Levi Hanson, a “workplace expert” at InterOffice, is one such specialist.
“Offices today are changing,” Hanson said. “A lot of people are storing files in the cloud as opposed to cabinets.”
As modern office footprints change, he said, there is room for more employees, and an opportunity for companies to incorporate ergonomic principles into design or redesign. Sometimes those areas might come as a surprise.
“Lighting is a big part of ergonomics,” he said.
Hanson said he’s seeing more office cubicle walls coming down, thereby allowing more natural light to enter the workplace. That’s a good thing, he said, because natural lighting is better than harsh overheads.
He also estimated that 75% of the clients who seek him out do so because of lower back pain concerns, most of them looking for a more comfortable office chair or help finding a height-adjustable desk.
It’s an industry, he said, that’s rapidly changing and expanding.
“It’s something that we’re learning more and more about, monthly and yearly,” Hanson said, “the effects of working the way we do.”
A room of one’s own
Nelson employs two part-timers at Fargo Ergonomics Occupational Health, a physical therapist and an occupational therapist.
Sarah Wilson, the occupational therapist, has been in the industry for two decades. Like Nelson, she was looking to forge a career in “a caring field,” and her reasons for joining Nelson at the 4,000-square-foot clinic reveal they’re like-minded soldiers on the same field.
Occupation therapy, Wilson said, helps people regain independence and live at maximum physical and mental potential.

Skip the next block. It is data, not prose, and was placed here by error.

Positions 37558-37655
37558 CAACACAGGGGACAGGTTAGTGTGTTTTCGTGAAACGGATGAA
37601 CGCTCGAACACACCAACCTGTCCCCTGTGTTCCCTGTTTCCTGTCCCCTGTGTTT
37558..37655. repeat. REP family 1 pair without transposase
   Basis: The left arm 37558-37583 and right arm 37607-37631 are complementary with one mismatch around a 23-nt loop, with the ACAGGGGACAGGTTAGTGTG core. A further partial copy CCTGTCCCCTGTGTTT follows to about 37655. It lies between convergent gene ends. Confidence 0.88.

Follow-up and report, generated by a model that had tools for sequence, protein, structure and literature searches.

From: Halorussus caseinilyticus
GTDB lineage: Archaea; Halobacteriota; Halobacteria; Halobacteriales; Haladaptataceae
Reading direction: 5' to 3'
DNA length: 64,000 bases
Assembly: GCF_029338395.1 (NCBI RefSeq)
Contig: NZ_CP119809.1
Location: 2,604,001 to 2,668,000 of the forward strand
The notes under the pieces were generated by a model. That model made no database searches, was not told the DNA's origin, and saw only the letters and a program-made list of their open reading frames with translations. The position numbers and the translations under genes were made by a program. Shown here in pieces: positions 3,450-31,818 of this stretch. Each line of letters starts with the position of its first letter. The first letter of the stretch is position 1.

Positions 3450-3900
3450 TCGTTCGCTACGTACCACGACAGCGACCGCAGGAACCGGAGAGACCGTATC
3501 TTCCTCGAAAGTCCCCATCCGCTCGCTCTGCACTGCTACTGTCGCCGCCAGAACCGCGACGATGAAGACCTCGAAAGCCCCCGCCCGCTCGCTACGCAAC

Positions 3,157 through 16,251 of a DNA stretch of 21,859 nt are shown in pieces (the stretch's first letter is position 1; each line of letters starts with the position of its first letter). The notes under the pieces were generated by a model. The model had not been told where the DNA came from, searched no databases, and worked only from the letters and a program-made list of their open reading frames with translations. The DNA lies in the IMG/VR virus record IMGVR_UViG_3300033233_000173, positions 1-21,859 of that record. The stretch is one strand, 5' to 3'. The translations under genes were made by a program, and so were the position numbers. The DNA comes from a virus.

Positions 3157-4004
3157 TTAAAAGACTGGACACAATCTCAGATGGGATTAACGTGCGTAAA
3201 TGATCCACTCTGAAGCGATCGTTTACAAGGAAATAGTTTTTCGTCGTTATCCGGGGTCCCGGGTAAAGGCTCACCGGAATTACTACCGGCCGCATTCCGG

“We can do so many things within the clinic,” Wilson said.
Most people are spending a majority of their time at work, and no matter what the setting, she said it’s important to have the tools and resources to reduce the risk of injury.
“The overall goal is that they are returning to their daily living activities safely, healthy, and feeling good about what they do,” she said.
When you feel good, she said, you have more energy, focus, and attention, and that increases safety and production.
“That’s important to businesses and employees,” Wilson said.
Nelson did her first ergonomic assessment in 2010, and by 2014 she says she had the opportunity to own her own business. Fargo Ergonomics Occupational Health was officially created in 2016. If they don’t have much competition, she said, it’s because ergonomic issues aren’t often enforced by the Occupational Safety and Health Administration.
While personal protective equipment may be required, she said, crouching too long or lifting too much in that gear isn’t, and many businesses don’t know how much an injury will cost them until it happens.
And, she said, it’s not just businesses. How mothers and fathers cradle their infants; how drivers are seated behind the wheel in their vehicles; hand placement while cooking, gardening, or playing a musical instrument; how someone carries a laptop case, purse, or wears a backpack—all are ergonomics issues, and not everyone understands the importance of doing them correctly.
She hopes to change all of that.
Nelson said her biggest challenge is helping people understand what she does.
“And helping people see the benefit of injury prevention,” Nelson said, “especially for businesses.”
Her ultimate goal is to help companies reduce their injury rates.
“If I can see those numbers decline after I’ve worked with them and their employees,” she said, “then I would say one of my goals was accomplished.”
WHAT: Fargo Ergonomics Occupational Health
WHERE: 345 11th St. W., West Fargo
CONTACT: (701) 532-2222 or firstname.lastname@example.org
WHERE: 1630 1st Ave. N. Suite A. Fargo
CONTACT: (701) 232-3013
WSI Reporting an injury information:
WSI First Report of Injury forms and links:
Performance Evaluation of North Dakota Workplace Safety & Insurance: